ST. JUST DE BRETENIERES, Quebec — Maine mushers were up against some of the best their sport has to offer as they competed last week at the International Federation of Sleddog Sports World Championships.
More than 300 mushers from 21 countries participated in nine days of sprint, mid-distance, skijor and pulka races in the Daaquam River region of eastern Quebec.
“This is the highlight of my life,” said Bruce Swan, a musher from Springfield. “It’s an honor just to be here.”
Swan, 50, traveled to Quebec with 10 dogs to compete in the three-stage eight-dog sprint race, finishing in 20th place overall in a field of 34 mushers.
In a field dominated by Canadian sprint racers, the eight-dog race was won by German mushing powerhouse Rudi Ropertz with a total time of 1 hour, 31 minutes, 17.85 seconds.
Less than 30 seconds behind him in second place was the top Norwegian musher Hege Ingebrigtsen with Canadian Melanie Bellerive rounding out the top three.
Swan’s total time over three days of racing was 1:53:11.86 and he felt blessed in more way than one to finish that well.
“This past summer I didn’t think I’d be here at all,” the pastor of the Springfield Community Chapel said. “I was supposed to have a total knee replacement.”
Thanks to a high school football injury decades ago, Swan’s knee is, according to his doctor, “a mess.”
But for the last four months, Swan said he has been pain-free, a phenomena he chalks up to some divine intervention.
“All I know is my church has been praying for me,” he said as he took a break tending his dogs between races. “My congregation has been cheering for me all along.”
Swan has 34 dogs in his Kingdom Bound Kennel and was proud of his team’s performance at the world championships.
“When I made up my mind to do this I told myself I wanted to place in the top 20,” he said. “We did it.”
Parked several trucks down from the Swans’ dog truck was the father-son team of Ben and Alex Thomas of Blanchard.
“These sprint races are really great for families,” Ben Thomas said. “The races are on weekends and it’s something we can do together.”
Alex Thomas, 13, competed in the four-dog junior sprint and, before heading out for his race, took time to talk dogs and sleds.
“These are pretty good and fast dogs,” Alex Murphy said.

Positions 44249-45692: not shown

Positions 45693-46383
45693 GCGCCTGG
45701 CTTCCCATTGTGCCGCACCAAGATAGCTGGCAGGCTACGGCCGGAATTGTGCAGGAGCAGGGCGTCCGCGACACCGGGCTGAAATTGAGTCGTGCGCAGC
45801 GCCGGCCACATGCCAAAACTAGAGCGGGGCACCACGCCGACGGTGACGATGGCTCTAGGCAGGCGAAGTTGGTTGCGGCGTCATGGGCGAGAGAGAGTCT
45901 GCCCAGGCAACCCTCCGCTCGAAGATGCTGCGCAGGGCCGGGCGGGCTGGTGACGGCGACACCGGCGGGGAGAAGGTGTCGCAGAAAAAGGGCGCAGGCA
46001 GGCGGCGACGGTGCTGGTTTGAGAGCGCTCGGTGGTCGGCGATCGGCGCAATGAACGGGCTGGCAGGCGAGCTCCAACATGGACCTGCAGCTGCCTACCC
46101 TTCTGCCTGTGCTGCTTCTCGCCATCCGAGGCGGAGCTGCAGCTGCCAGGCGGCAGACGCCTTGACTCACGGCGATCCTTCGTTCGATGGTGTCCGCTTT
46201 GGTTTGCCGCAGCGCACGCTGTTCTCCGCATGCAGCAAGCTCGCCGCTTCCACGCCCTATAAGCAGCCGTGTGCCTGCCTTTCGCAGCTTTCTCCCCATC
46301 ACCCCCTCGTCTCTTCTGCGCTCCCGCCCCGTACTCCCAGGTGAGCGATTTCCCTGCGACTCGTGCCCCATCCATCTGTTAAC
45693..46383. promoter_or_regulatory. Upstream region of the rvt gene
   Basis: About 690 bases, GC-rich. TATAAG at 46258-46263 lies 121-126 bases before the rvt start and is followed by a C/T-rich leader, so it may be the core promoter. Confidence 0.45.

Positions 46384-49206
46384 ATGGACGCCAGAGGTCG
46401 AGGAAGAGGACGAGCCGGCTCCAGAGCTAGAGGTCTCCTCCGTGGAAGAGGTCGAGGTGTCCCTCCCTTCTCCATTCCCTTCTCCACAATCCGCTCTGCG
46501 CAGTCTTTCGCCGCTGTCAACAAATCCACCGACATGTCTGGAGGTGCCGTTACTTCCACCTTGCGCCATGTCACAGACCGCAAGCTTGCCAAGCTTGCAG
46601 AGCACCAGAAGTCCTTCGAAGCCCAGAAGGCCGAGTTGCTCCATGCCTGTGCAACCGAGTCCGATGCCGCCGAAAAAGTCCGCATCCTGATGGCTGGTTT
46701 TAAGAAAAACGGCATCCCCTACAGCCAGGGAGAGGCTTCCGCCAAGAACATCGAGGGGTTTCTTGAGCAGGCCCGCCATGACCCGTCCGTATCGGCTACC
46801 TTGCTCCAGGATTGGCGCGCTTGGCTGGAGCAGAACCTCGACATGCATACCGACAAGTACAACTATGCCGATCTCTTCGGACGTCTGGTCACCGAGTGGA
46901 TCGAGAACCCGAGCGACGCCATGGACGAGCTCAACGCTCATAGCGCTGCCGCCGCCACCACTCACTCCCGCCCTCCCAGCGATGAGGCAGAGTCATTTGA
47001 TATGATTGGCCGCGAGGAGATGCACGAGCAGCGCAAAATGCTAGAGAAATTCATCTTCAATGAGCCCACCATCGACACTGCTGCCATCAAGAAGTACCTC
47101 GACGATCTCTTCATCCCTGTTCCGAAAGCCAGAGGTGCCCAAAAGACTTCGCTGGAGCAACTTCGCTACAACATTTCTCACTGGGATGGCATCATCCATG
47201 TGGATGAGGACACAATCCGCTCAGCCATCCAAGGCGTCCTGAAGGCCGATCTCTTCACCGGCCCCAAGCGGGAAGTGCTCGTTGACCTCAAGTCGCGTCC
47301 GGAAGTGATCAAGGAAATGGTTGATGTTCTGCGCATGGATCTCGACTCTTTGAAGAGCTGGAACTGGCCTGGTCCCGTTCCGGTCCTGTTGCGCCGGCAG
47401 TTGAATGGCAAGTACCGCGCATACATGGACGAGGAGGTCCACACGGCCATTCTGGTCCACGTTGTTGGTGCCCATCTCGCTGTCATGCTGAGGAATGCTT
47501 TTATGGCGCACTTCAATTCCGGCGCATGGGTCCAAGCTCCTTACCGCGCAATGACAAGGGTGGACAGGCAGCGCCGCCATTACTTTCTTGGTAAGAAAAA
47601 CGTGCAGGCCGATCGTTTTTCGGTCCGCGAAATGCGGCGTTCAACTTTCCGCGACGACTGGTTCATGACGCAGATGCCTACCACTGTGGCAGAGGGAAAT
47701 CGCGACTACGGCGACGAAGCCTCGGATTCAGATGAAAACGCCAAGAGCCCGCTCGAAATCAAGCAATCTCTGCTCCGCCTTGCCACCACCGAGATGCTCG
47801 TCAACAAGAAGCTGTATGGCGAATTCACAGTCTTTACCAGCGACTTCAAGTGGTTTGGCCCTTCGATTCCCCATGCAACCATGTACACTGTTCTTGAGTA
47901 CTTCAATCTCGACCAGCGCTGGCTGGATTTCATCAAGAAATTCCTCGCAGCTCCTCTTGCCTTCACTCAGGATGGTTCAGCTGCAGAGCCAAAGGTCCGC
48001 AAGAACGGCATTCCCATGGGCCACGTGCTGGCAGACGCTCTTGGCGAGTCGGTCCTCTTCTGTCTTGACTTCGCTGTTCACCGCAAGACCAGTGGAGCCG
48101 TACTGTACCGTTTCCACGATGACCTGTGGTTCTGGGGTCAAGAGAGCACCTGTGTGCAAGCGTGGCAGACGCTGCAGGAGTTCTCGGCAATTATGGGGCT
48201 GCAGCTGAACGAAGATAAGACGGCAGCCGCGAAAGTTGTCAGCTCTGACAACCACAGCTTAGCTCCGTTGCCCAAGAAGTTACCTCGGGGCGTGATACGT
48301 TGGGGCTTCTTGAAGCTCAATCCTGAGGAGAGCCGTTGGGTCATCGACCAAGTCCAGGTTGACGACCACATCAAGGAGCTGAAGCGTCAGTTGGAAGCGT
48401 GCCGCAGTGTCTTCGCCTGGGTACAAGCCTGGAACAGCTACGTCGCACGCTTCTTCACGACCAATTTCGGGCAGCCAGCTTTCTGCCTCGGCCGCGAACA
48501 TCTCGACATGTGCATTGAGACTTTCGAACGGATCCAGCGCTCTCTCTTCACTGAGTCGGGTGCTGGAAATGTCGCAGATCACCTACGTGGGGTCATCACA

“Yeah, my dogs will pull up the rear,” his father joked.
The younger Thomas finished fourth overall with a total time of 48:56.12 in the three-stage event.
For his part, Ben Thomas took 20th in the three-stage unlimited class sprint race with a total time of 3:03:19.64.
Like Swan’s race in the eight-dog sprint, the unlimited field was heavy on Canadian competitors but won by Ropertz, whose time of 2:30:55.27 was more than three minutes ahead of second-place finisher and countryman Klaus Starflinger.
Jeff and Heather Brannen drove into Daaquam from Poland and from the moment they parked their dog truck, Heather was itching to size up the competition.
In 2005 Heather Brannen competed in the Dryland World Championships in Belgium in the one-dog bikejor event.
“This time we were close enough to drive to the world championships on snow,” she said. “I’m really anxious to see how my dogs do here.”
Turns, out, pretty well.
Heather Brannen placed eighth overall out of 33 mushers in the four-dog sprint race with a total time of 45:56:78.
Fellow Mainer Sadie Theriault won that class in a time of 43:56:08, just edging out Ingebrigtsen by less than three seconds.
All the Maine mushers were members of Mushing USA and had participated in qualifying races to earn a spot at the world championships.
Also running from Maine were Josh Mecure of Moose River, Tim MacMahon of Harrison and Norway mushers Betsey McGettigan and Aisling Shepard in addition to team members from Alaska, Colorado, New York, Vermont and New Hampshire.